If you are new to meditation, this is a perfect way to start a new life-long practice. You will receive in-depth explanations, teachings, and follow up to demystify the art and science of meditation, and establish yourself firmly in your practice. 

If you are an experienced meditator, this is also a perfect way to join this powerful collective to bring new heights to your practice and open new doors and awarenesses. 

While I will be sending out guided meditations, you can also choose any style of meditation you'd like. We will each be tracking our meditations every day using Insight Timer, a mobile app designed to help you time and track your meditations.

Once you register, you'll receive emails and resources to encourage you and support you along the way, including teachings and explanations about the why and how of meditation. Plus, you'll receive an invitation to some live group meditations via Zoom or in person depending on where you live. Live sessions will be held in Salt Lake City, Utah. You'll be able to see and comment to the others in our group who are also doing this 30-day challenge. 

This next 30 days will change your life as well as the lives of everyone around you! 

Walking mediation.jpeg


Once you Register


Once you register, you'll receive a welcome email with information about:

  • Specifics of the challenge
  • Live meditations
  • Many forms of meditation you might choose to do
  • Downloading the app
  • Live group meditations, virtually via Zoom, an online meeting platform or in person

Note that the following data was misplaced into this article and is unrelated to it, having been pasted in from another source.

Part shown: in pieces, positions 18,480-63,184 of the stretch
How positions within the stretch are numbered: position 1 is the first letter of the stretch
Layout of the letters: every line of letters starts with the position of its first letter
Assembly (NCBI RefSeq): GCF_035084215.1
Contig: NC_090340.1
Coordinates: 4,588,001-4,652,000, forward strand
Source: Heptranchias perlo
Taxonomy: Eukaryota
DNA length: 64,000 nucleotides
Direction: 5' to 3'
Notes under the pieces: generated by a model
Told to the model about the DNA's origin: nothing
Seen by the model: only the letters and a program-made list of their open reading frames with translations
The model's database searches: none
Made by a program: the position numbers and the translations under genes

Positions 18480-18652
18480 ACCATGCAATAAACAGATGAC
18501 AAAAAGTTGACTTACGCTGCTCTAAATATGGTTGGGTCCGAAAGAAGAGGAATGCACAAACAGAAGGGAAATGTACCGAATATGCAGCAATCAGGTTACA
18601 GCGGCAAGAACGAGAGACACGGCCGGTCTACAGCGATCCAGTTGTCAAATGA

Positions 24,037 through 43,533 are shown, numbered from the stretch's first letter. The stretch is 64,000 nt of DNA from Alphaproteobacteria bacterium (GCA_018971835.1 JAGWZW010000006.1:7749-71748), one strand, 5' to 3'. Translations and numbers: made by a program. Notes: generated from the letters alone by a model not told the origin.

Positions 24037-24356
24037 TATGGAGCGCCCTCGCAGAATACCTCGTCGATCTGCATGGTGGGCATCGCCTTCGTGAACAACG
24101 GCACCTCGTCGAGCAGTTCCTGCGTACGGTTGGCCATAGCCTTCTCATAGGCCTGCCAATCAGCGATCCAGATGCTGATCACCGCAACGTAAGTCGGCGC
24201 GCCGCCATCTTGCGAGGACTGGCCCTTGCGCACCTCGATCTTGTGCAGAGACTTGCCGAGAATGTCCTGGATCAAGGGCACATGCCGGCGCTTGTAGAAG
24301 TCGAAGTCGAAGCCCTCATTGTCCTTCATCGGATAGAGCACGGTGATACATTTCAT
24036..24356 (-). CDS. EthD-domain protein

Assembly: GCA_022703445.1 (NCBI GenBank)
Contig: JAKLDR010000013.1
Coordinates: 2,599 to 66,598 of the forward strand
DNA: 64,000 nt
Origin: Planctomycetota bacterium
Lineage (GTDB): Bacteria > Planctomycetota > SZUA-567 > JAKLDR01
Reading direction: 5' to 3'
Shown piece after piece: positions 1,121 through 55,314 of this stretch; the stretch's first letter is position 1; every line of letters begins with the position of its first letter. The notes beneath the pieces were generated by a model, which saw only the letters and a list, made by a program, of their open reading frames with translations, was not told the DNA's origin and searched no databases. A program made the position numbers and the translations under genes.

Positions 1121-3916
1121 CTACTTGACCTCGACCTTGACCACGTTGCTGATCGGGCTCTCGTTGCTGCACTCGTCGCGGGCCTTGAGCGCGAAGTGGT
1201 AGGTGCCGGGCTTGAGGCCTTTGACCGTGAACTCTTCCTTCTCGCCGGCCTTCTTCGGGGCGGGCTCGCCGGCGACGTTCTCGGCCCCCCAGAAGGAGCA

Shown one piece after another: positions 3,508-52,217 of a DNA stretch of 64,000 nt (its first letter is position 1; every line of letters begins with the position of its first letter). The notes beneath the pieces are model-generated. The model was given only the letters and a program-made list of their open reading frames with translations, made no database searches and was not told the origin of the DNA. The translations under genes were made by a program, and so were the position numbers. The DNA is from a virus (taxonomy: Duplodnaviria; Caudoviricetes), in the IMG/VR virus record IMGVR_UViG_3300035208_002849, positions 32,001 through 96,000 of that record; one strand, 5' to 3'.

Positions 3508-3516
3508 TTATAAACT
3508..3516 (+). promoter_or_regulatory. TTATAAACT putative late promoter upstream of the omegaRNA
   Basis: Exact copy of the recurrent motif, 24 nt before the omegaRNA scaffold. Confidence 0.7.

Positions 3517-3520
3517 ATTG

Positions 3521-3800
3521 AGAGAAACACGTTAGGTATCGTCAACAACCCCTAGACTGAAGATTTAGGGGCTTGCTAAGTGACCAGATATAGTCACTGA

• A catalogue of guided meditations, both my catalogue of recordings as well as literally thousands on Insight Timer, which you can keep to help support you on your medative journey.
  • Receiving supportive emails 

What does this cost?


I'm more interested in you succeeding and the world becoming more mindful than I am making money, so here's what I'm offering:
The 30-Day Meditation Challenge costs $30, so that you'll commit to it. And everyone who completes the challenge, meditates everyday using the app for 15 minutes or more, can opt to get a FULL refund of their tuition. No hassle. No questions. So, essentially this is free! My deepest desire is that I don't make a dime on this project!


I invite you to commit to your own wellbeing. I know you can do it and I'll support you every step of the way. Join me!

Register

Fill out the form and press submit, then click on the PayPal button.

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After the Fire

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Shiva Nataraj.jpg

I closed two yoga studios about 4 years ago. Running and closing those studios has been two of the most challenging things I've ever done.

It's really difficult to run a small business. I fought every day just to keep the doors open. Eventually, we had to close our doors; the studios weren’t sustainable. I wish I knew then what I know now about running a business. Ironically, I learned volumes about running a business by closing my business. One of the most important things I learned was how to rebuild my life when things don’t turn out the way you hoped they would.